Preview: DakhaBrakha @ EartH (London; Friday 26th July 2019)
The first reason to go and see DakhaBrakhaon 26th July is that, of all the many UK gigs I went to in 2018, their show was by far the most memorable, and my personal favourite. Their concert at Southbank Centre in October last year swung between vivid peaks and bittersweet lows, and had such a theatricality to it. Often described as “ethno-chaos”, DakhaBrakha continue to be on the rise, as more and more people discover and fall in love with this Ukrainian quartet.
A second reason is that from their trademark outfits – a wonderfully bizarre twist on a traditional Ukrainian costume – to the variety of influences in their music, there is nothing “usual” about DakhaBrakha. Even just referring to voice alone… one song will feature an almost cartoonish male falsetto, another has the female members alternating an epically melancholy dirge, another a tremulous and heavy male bass, and the next may feature what can only be described as animal sounds!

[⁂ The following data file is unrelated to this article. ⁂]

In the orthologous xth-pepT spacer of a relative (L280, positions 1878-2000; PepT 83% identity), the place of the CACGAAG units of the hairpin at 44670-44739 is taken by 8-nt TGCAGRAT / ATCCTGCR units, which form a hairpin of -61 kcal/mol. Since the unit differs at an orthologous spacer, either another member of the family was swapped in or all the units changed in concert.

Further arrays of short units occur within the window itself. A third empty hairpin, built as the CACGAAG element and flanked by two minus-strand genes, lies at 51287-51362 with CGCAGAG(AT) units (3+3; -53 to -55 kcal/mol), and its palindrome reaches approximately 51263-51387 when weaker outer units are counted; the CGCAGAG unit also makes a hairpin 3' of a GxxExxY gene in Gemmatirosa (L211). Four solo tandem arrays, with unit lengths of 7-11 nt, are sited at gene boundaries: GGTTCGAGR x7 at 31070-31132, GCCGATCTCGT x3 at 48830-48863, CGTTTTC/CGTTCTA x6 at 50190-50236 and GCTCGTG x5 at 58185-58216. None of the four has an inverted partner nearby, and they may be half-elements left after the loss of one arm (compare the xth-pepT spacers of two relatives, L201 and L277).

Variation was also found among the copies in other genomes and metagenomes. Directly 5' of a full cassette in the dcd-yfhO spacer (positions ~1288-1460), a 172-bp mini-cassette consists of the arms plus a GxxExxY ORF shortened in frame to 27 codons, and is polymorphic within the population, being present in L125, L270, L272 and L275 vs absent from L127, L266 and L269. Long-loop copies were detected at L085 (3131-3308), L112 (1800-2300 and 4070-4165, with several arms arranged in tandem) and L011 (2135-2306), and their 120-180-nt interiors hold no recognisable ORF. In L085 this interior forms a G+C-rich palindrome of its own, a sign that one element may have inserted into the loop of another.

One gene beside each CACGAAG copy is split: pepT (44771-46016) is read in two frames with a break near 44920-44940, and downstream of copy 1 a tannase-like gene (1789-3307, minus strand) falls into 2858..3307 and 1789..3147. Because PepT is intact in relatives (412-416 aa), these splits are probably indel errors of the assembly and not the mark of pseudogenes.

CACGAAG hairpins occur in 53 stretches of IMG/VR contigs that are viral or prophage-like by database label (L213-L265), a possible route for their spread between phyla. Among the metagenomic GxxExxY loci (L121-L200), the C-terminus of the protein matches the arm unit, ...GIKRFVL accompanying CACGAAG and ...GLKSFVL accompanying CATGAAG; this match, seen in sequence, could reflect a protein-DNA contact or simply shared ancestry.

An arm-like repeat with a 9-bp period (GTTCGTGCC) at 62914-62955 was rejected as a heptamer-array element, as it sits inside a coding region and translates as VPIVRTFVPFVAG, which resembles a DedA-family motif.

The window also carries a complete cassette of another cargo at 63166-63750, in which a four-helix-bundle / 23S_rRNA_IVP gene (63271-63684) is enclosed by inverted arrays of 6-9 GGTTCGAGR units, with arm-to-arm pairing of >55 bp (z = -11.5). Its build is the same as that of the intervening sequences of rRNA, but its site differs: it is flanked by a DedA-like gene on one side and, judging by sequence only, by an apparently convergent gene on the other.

And, of course, the instrumentation is second to none. Olena Tsybulska drums and plays keyboards, Iryna Kovalenko performs percussion, Nina Garenetska plays cello, and Marko Halanevych plays everything from accordion to mouth harp! And everyone sings, of course, in wonderfully thunderous harmony.
If you love world music, and want to see something surprising that you literally cannot take your eyes away from, you should definitely see this band. They play Hackney venue EartH on 26th July, and tickets are on sale now.
Nightshop show for March via Radio Campus Bxl with 3 hours of new global sounds, also broadcasted via Rhythm Passport & Groovalizacion Radio. Starting with songs of the day from South Korea (Park Jiha) Ukraine (DakhaBrakha) and USA (Betty Davis). Our albums of the month take us to Cabo Verde…
Ice-cold breezes and dark evenings are commonplace for Londoners in the last few weeks of November. On the evening of the 29th, a long queue gathered outside the Oval Space doors, all wearing a respectable range of woolly coats and shaggy caps, warm voices resonating in disparate languages. First come…